19th Century Dhammacakkappavattana sutra. Wellcome Library, London.
August 18 to 20, 2023
Mount Wuyi 武夷山, China
This conference is hosted by Kuaiji Advanced Institute of Buddhist Studies 會稽山佛學高等研究院, and co-hosted by the Research Center for Buddhist Texts and Art at Peking University and the From the Ground Up: Buddhism and East Asian Religions project at the University of British Columbia (www.frogbear.org). The conference will take place from August 18 to 20, 2023 on Mount Wuyi 武夷山, Fujian Province.
After the Buddha’s passing, his disciples convened and orally compiled the Buddha’s teaching. This initial council was followed by more to arrange the haphazard compilation of the Buddha’s teaching into an increasingly more authoritative form. However, in early India, the transmission of knowledge mostly took place orally, with the textual tradition being only a late comer in Indian history. The earliest written Buddhist text, according to a recent archaeological finding, was written in the Gandhāran language on birch barks, dated to first or second century BCE. Later in the first century BCE., the Pali Canon was written down, heralding a period of Buddhist transition from the oral to textual tradition. In the fifth century, Buddhism formally entered the manuscript era.
Many manuscripts are still preserved today in the Indian subcontinent, Central Asia and Southeast Asia, written in a score of languages on a diverse range of writing surfaces, including palm leaf, birch balk, leather, bamboo, and paper. In early Chinese Buddhism, manuscript was the main medium for the transmission of Buddhism and remained so until the advent of woodblock printing. The vibrant Buddhist manuscript culture during this period can still be glimpsed from the manuscripts discovered in Dunhuang and Turpan. In the Northern Song (960-1127), woodblock printing started to gain broad currency, partly contributed by Buddhists themselves. While the manuscript canons and the manuscripts of individual scriptures continued being produced, they gradually ceded the central stage to woodblock printing. In Japan, after Buddhism was introduced through China, manuscript canons experienced a longer period of development than in China. Today, we still have a wealth of precious manuscripts from this period in Japan.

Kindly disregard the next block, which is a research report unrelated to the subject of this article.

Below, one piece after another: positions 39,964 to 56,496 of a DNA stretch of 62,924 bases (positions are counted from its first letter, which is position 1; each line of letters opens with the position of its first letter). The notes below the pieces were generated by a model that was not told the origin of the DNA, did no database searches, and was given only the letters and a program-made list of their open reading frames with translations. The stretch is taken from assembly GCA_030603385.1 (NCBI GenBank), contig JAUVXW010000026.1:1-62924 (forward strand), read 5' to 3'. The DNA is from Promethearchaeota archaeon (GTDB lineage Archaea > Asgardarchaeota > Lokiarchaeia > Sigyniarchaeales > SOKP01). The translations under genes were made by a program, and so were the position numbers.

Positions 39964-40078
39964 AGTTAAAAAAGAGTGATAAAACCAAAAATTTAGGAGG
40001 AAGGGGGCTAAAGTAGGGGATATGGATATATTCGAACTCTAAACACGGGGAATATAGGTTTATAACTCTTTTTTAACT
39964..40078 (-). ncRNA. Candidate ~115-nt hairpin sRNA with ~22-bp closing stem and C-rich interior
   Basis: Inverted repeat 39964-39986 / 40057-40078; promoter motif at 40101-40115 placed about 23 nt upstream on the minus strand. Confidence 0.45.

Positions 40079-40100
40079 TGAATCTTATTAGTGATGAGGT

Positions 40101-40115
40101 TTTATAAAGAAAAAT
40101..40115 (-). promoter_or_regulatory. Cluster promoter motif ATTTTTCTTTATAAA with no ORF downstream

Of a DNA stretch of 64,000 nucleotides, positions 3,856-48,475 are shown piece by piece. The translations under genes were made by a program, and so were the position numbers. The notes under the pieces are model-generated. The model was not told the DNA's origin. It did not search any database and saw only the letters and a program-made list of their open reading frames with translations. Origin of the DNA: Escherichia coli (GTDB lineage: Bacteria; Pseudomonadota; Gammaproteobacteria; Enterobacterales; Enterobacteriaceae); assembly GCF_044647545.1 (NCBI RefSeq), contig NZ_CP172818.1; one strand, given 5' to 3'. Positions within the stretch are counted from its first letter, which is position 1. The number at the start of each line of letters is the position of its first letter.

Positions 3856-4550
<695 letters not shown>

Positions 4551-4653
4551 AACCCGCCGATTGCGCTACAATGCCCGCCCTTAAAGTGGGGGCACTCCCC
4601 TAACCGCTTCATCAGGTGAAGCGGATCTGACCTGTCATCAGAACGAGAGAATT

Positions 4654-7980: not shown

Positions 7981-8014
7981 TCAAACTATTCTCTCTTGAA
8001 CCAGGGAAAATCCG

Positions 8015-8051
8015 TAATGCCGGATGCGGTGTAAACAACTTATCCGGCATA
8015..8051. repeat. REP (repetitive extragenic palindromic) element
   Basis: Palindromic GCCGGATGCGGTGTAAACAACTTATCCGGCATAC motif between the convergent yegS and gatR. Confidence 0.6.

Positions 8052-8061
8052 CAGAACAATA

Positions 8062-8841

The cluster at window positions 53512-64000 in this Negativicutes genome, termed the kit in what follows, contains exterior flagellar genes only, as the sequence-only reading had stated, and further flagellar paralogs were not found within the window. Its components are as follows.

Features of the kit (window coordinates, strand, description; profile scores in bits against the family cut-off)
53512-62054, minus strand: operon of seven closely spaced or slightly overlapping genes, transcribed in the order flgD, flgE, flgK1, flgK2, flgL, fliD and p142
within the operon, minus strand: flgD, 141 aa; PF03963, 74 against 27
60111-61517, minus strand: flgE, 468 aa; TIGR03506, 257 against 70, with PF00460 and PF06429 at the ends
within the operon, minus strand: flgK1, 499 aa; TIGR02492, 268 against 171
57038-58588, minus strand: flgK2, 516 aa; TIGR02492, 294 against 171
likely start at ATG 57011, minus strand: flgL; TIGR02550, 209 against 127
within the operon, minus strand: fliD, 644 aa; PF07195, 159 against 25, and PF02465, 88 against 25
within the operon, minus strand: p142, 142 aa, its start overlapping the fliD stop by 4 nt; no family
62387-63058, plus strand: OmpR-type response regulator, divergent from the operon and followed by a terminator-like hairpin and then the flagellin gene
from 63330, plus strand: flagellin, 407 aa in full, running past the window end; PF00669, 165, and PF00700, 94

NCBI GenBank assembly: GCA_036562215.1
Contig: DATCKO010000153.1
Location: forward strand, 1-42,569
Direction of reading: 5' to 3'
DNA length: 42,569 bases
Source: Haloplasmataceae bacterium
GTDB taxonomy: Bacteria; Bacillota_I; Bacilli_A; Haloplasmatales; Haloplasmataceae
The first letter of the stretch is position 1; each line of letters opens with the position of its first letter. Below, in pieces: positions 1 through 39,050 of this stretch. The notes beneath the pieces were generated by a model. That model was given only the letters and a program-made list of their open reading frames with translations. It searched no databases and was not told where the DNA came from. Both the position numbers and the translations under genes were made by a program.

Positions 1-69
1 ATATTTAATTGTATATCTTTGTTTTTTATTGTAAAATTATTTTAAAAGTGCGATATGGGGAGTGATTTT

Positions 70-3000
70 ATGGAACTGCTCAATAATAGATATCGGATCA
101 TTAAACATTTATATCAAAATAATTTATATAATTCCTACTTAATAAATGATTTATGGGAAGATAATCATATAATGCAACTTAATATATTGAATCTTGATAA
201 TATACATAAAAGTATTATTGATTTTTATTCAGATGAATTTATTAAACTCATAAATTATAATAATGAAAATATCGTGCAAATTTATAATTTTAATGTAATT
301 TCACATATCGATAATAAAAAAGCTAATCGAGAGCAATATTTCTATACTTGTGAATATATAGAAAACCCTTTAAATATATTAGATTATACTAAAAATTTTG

Linguistic diversity is another hallmark of Buddhism, as it was generally transmitted through local languages. Hence, from its earliest period that saw Buddhism transmitted in a complex array of early Indic languages, Buddhism would then, from the Common Era onward, be channeled through Buddhist Hybrid Sanskrit and then in a more standard form of Sanskrit. In Central Asia, Buddhist manuscripts would be written in Tangut, Sogdian, Tocharian, Uyghur, and a dozen of languages, as well as in some twenty scripts. Moreover, one Buddhist text may have various translations, which complexifies our study of Buddhist texts. It is incumbent on scholars to compare translations, study catalogues, identify apocrypha, and reconstruct the chronology and relationship of texts.
These issues, related to the formation, translation, and dissemination of Buddhist texts, will be the subjects that we will together investigate in this conference. The conference will take place around, but not limited to, the following topics:
The committee welcomes any papers related to the theme of the formation, translation, and transmission of Buddhist texts. All associated costs, including room and board during the conference, will be covered by the host institutions. Depending on necessity and the availability of funding, some travel cost may also be covered. Please email proposals and CVs to firstname.lastname@example.org by April 14. Scholars confident of completing the draft papers by July 21 and finalizing their papers by late November 2023 are welcome to apply.
This conference is planned as part of our annual International and Intensive Program on Buddhism (details TBA).